Union rams through non-existent “tentative agreement” to end Northern Virginia transit strike

Fairfax Connector workers on strike in February 2024. [Photo: Amalgamate Transit Union Local 669]

In a bid to end the two-week-old Fairfax Connector transit strike in Northern Virginia, the Amalgamated Transit Union (ATU) Local 689 announced Tuesday that it had reached a tentative agreement (TA) with Transdev, the private operator overseeing the transit service.

In reality, no such agreement has yet been completed. According to a source, the more than 638 drivers, mechanics, facility workers and clerks that work at the Connector were not given a full TA before voting due to the fact “they still need to be typed up.”

A vote was hastily called for the next day despite the membership not being even given a full version of what they were voting on. On Wednesday, the ATU published an announcement that the contract had passed.

The ATU’s social media proclaimed it had won “transformative improvements” for its members without providing specific details.

No vote conducted under such conditions can be considered legitimate. The ATU Local 689 has created conditions for the extortion of its own members. The fine print and numerous loopholes that have doubtlessly been introduced into the final contract after the fact will more than make up for whatever figleaf compromises Transdev may have accepted.

Transdev cheered the TA in a statement, declaring it was “pleased to share that ATU Local 689 and Transdev came to a mutually agreeable, tentative agreement on their collective bargaining agreement for employees for the Fairfax Connector Fixed-Route Bus Service,” as a spokesperson told WTOP.

Fairfax Connector workers are some of the most exploited transit employees in the Washington D.C. region. Striking workers explained to World Socialist Web Site reporters that they had been given no protections during the first months of COVID-19 and that their bus system did not even pause its services while others did.

“This company is not prepared to spend resources. They hoard everything,” a former Transdev employee told the WSWS.

Again demonstrating its ruthlessness, on Monday the company cut health insurance for the striking workers. The ATU published the story of one of its striking members, Fallah Moiwah, whose son, Sahr, was diagnosed with cancer.

“Because @TransdevNA cut off Fallah’s health insurance without even 24 hours notice, Sahr is having to put lifesaving chemotherapy on hold,” the ATU posted on Twitter/X. “Fallah and Sahr are just one of the hundreds of working families that @TransdevNA has no problem retaliating against,” it added.

The fact that a tentative agreement was announced only one day after the company cut off health care for striking workers suggests that the deal is entirely in line with management’s demands.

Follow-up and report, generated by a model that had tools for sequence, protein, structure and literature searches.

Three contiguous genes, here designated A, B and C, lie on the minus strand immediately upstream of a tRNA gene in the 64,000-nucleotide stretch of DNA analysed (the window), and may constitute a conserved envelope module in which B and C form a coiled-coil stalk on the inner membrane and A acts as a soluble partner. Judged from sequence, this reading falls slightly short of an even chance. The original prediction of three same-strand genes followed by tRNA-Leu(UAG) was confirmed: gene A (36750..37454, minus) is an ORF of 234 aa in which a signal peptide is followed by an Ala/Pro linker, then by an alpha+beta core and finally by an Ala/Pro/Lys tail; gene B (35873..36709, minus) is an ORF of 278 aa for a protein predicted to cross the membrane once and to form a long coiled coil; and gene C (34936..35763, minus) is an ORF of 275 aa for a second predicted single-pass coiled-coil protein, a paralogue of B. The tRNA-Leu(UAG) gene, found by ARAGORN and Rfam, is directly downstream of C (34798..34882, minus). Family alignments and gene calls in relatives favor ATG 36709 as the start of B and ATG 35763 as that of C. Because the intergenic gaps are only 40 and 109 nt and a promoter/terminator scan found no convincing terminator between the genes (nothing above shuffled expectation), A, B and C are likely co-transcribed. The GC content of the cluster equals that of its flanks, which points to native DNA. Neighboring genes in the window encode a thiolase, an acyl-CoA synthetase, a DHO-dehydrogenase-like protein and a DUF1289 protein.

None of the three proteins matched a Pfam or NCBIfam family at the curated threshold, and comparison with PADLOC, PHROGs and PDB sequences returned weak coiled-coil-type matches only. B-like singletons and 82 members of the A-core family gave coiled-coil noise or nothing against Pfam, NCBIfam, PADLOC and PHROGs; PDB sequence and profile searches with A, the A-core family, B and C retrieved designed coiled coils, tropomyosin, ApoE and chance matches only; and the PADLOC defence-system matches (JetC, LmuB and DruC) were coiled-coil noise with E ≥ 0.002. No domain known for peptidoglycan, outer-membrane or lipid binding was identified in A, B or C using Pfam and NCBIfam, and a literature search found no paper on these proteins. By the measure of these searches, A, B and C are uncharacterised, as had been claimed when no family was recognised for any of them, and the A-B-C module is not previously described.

Throughout the strike, which crippled commutes in the busy Northern Virginia-Washington D.C. metropolitan area, the ATU refused to mobilize its membership to assist the struggle while absurdly begging the local Democratic Party officialdom to “stand with workers.”

While Democratic County Supervisor Jeff McKay never so much as acknowledged the issues in the strike, he has iterated several times that costs must be kept down, signaling that transit contractors’ demands would be opposed if they impacted the county’s bottom line.

Northern Virginia is home to numerous military and intelligence headquarters, as well as powerful corporate interests, such as General Dynamics, Northrop Grumman and Amazon’s “HQ2” East Coast corporate base. Despite this or because of it, the region’s big business political representatives refuse to offer basic assistance and living standards to its working class population.

A recent report, published by Virginia Commonwealth University titled “Lost Opportunities: The Persistence of Disadvantaged Neighborhoods in Northern Virginia,” explains that while between 2009 and 2021 poverty rates fell in over half of the wealthy county’s jurisdiction, this growth came at the expense of displaced poorer residents.

While one community’s median household income shot up from “$87,233 to $132,603 and the poverty rate plummeted from 19% to 5%,” less economically well-off groups left the area in droves.

Under these circumstances, it is noteworthy that ATU Local 689 has offered its support to a harsh anti-crime bill which recently passed in the Washington D.C. legislature.

On Tuesday, the same day it announced its phony “agreement” with Fairfax Connector, the ATU Local 689 tweeted support for the Secure DC omnibus, thanking the bill’s sponsoring legislator for “passage of increased penalties for assaulting transit workers. … This measure is a major victory for transit workers and riders!”

As the WSWS wrote last week, “rather than deal with the root social causes of crime,” Democratic Party officials “advocate a massive crackdown on the poorest layers of the population, thus criminalizing poverty.” The ATU’s promotion of law-and-order policies goes hand and hand with its sellout of its membership.

Throughout the strike, the World Socialist Web Site and its reporters advocated for workers to form their own, independent worker-based organizations capable of extending their struggle beyond the narrow confines of the ATU.

Striking Fairfax Connector workers must “form links with other workers’ struggles, in particular, that of 9,000 WMATA employees whose contract expires in June this year, coinciding with major planned cutbacks in transit service,” we wrote.

“In doing this, they must refuse to subordinate themselves to the strategy and demands of the pro-corporate and pro-Democratic Party ATU, which is seeking to contain their struggle before it even gets started.” This warning has been confirmed.